And now I get to be with you all day, every day. Except the days you go hunting or fishing. Or when I push you out the door so I can get some writing done.

My brother cautioned me to “be gentle, understanding, and patient” as you transition to retired life. To which I answered: “All of which I am not.”

And now, after four decades of faithful, loyal service to your employers, you deserve a long, healthy, happy retirement doing the things you didn’t have time to do all these years – hunting, fishing, going for long walks in the woods with your camera, and heading out with the camper (and me) to explore this beautiful country of ours.

I love you. Always and forever.

Bless this wonderful man, Lord, exceedingly abundantly above all he can ask or imagine (Ephesians 3:20). He deserves it. Amen.

Read and meditate on Psalm 92:12–14

© 2018 Michele Huey. All rights reserved.

 

Work: Blessing or Curse?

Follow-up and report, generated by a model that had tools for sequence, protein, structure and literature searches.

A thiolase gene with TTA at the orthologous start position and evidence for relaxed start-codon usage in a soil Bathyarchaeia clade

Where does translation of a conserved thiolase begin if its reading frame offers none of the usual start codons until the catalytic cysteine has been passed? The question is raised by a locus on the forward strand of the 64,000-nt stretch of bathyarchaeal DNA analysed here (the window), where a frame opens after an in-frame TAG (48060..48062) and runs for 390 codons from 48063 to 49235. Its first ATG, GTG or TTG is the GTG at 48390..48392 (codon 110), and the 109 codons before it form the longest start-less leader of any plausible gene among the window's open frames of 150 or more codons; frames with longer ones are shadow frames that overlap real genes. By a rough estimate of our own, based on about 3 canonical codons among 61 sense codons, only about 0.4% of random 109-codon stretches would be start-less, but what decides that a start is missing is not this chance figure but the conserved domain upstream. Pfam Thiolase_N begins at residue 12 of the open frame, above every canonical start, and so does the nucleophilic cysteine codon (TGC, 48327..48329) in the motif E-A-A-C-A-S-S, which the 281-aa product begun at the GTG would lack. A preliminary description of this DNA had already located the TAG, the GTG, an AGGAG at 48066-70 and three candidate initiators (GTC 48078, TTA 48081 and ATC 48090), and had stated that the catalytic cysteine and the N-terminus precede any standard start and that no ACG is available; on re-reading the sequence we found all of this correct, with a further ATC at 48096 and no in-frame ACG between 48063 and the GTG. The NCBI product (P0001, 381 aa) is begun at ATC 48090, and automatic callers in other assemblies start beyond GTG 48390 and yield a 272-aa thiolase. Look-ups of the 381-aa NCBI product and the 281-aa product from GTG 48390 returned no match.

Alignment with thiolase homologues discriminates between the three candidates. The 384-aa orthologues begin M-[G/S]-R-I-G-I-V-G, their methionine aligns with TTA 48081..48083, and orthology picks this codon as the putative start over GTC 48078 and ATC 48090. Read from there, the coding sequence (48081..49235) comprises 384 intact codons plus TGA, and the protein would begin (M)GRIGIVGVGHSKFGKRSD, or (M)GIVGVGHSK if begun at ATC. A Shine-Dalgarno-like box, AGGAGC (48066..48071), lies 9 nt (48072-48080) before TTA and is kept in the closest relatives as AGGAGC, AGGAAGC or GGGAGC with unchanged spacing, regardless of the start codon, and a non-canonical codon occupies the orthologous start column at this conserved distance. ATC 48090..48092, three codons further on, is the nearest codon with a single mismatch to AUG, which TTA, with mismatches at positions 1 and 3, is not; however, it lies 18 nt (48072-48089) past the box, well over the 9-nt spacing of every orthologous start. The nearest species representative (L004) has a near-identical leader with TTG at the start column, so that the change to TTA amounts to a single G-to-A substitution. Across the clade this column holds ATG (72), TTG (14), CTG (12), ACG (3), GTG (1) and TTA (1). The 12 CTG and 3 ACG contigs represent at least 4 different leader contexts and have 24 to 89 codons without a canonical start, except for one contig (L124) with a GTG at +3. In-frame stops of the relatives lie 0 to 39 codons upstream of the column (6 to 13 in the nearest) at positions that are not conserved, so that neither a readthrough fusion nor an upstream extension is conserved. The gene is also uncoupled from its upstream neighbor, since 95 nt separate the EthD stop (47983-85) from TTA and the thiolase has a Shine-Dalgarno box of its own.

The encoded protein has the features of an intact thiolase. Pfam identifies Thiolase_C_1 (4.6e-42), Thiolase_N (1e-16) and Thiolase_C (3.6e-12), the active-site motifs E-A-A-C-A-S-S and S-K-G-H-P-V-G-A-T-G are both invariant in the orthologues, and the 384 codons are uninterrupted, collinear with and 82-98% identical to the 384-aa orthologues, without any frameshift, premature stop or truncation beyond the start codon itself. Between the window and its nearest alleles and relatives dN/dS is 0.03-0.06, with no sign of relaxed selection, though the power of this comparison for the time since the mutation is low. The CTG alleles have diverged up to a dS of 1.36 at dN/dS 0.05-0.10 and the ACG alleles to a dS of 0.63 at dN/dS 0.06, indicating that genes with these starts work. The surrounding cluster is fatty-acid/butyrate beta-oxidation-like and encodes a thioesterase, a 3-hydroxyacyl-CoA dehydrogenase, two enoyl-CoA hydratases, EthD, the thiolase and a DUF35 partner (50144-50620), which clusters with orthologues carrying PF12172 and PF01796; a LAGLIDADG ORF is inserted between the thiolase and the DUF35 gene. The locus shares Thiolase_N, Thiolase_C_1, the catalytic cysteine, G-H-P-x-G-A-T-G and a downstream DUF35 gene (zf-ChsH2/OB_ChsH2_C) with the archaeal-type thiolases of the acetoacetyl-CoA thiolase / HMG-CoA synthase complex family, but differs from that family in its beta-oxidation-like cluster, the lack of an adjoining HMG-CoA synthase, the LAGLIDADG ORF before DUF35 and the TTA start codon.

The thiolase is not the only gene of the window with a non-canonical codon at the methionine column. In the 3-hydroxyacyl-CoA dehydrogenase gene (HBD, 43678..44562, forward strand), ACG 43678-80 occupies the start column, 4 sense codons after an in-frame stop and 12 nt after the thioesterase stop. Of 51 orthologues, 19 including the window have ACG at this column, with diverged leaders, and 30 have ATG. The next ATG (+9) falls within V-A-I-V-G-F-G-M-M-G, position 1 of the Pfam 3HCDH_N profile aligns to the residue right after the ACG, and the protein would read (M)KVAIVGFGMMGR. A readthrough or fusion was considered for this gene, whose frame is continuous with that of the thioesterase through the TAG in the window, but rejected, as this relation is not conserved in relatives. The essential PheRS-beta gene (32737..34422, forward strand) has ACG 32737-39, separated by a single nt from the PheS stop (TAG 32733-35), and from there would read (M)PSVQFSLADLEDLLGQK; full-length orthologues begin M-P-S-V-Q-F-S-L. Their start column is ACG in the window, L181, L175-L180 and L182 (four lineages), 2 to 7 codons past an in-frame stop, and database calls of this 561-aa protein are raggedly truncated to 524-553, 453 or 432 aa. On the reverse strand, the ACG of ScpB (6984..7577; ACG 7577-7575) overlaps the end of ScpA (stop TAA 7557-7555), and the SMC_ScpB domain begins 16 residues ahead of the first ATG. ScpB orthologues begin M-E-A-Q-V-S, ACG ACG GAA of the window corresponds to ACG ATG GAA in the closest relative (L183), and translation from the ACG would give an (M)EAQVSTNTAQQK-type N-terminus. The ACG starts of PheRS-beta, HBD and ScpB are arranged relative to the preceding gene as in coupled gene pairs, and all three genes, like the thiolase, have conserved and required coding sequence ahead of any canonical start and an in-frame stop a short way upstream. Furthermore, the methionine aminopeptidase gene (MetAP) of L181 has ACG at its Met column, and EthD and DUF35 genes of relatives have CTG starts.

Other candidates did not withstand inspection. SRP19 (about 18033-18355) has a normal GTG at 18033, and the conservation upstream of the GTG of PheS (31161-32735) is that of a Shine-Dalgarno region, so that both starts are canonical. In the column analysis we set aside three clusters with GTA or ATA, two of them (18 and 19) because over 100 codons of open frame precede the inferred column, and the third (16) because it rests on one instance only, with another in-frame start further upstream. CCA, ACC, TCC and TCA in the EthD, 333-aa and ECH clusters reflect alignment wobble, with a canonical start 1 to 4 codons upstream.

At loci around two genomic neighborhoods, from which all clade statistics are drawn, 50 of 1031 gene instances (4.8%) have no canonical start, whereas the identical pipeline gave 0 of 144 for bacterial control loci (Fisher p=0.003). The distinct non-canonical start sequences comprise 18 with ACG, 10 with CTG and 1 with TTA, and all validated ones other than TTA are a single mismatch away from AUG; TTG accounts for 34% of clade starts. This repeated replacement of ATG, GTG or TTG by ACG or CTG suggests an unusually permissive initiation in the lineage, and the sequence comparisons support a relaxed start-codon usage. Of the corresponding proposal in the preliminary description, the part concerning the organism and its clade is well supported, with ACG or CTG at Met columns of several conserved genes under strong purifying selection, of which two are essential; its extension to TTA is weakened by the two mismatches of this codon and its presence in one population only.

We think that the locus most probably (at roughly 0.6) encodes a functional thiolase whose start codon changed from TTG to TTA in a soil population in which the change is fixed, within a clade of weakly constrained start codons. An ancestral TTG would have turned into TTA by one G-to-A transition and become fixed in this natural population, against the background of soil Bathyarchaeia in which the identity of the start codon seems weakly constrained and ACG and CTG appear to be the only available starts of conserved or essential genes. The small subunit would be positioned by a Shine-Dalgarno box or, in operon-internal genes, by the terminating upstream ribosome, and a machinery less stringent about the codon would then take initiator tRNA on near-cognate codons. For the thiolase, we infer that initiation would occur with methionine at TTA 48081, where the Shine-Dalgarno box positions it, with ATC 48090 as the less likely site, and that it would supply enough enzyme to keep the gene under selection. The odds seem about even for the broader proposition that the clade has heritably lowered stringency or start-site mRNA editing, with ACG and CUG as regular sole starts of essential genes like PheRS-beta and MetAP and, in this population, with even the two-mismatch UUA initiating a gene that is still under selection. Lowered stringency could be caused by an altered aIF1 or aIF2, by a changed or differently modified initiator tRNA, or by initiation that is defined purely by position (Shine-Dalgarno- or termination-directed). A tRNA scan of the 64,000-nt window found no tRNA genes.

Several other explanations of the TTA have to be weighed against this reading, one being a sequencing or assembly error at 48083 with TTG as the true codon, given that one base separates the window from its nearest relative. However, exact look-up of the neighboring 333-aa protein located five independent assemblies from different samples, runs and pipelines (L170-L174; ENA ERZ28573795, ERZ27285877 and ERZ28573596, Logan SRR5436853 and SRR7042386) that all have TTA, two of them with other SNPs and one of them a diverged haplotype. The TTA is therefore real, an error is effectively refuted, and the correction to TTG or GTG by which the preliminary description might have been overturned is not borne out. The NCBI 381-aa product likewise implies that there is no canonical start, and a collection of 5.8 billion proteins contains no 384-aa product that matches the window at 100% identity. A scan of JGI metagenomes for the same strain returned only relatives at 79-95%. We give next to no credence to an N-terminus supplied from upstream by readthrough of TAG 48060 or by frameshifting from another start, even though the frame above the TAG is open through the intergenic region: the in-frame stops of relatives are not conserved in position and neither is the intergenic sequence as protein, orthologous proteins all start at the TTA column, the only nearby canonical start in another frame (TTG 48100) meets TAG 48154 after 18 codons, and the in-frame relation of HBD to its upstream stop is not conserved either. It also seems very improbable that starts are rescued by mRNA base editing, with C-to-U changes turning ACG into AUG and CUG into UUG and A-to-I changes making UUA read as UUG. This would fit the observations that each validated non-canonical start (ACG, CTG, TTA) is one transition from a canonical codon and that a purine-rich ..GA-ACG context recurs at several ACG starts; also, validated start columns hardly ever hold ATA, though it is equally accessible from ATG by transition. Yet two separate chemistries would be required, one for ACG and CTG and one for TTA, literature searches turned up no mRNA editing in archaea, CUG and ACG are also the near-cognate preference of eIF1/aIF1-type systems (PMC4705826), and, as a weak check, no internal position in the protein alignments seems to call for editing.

Image courtesy of Creative Commons. No attribution required.

Whatever you do, work heartily, as for the Lord and not for men. –Colossians 3:23

It was over 20 years ago. The door had firmly shut on the job of my dreams –teaching – and, after I got over my major, extended funk, I realized this was an opportunity to pursue another one of my life’s interests – writing.

So I got a job at a local newspaper writing feature articles.

I loved it! I wrote human interest stories with a positive slant. Interviewing folks fascinated me, their stories intrigued me. I had the best of both worlds: a job I loved and freedom to set my schedule and choose my topics. But I was too stupid to see it. I wanted a position on staff, not be merely a stringer.

So when the society page editor resigned, I stepped into her position. I didn’t like it as much as writing people stories, but I was caught in a “climb-the-ladder-to-success” scenario. Excuse me, trap is a better word.

Fast forward a year or so, and I found myself in the editor’s office. Editor of the entire newspaper. I hated it. I hated the hours. I hated the politics. I hated everything about it.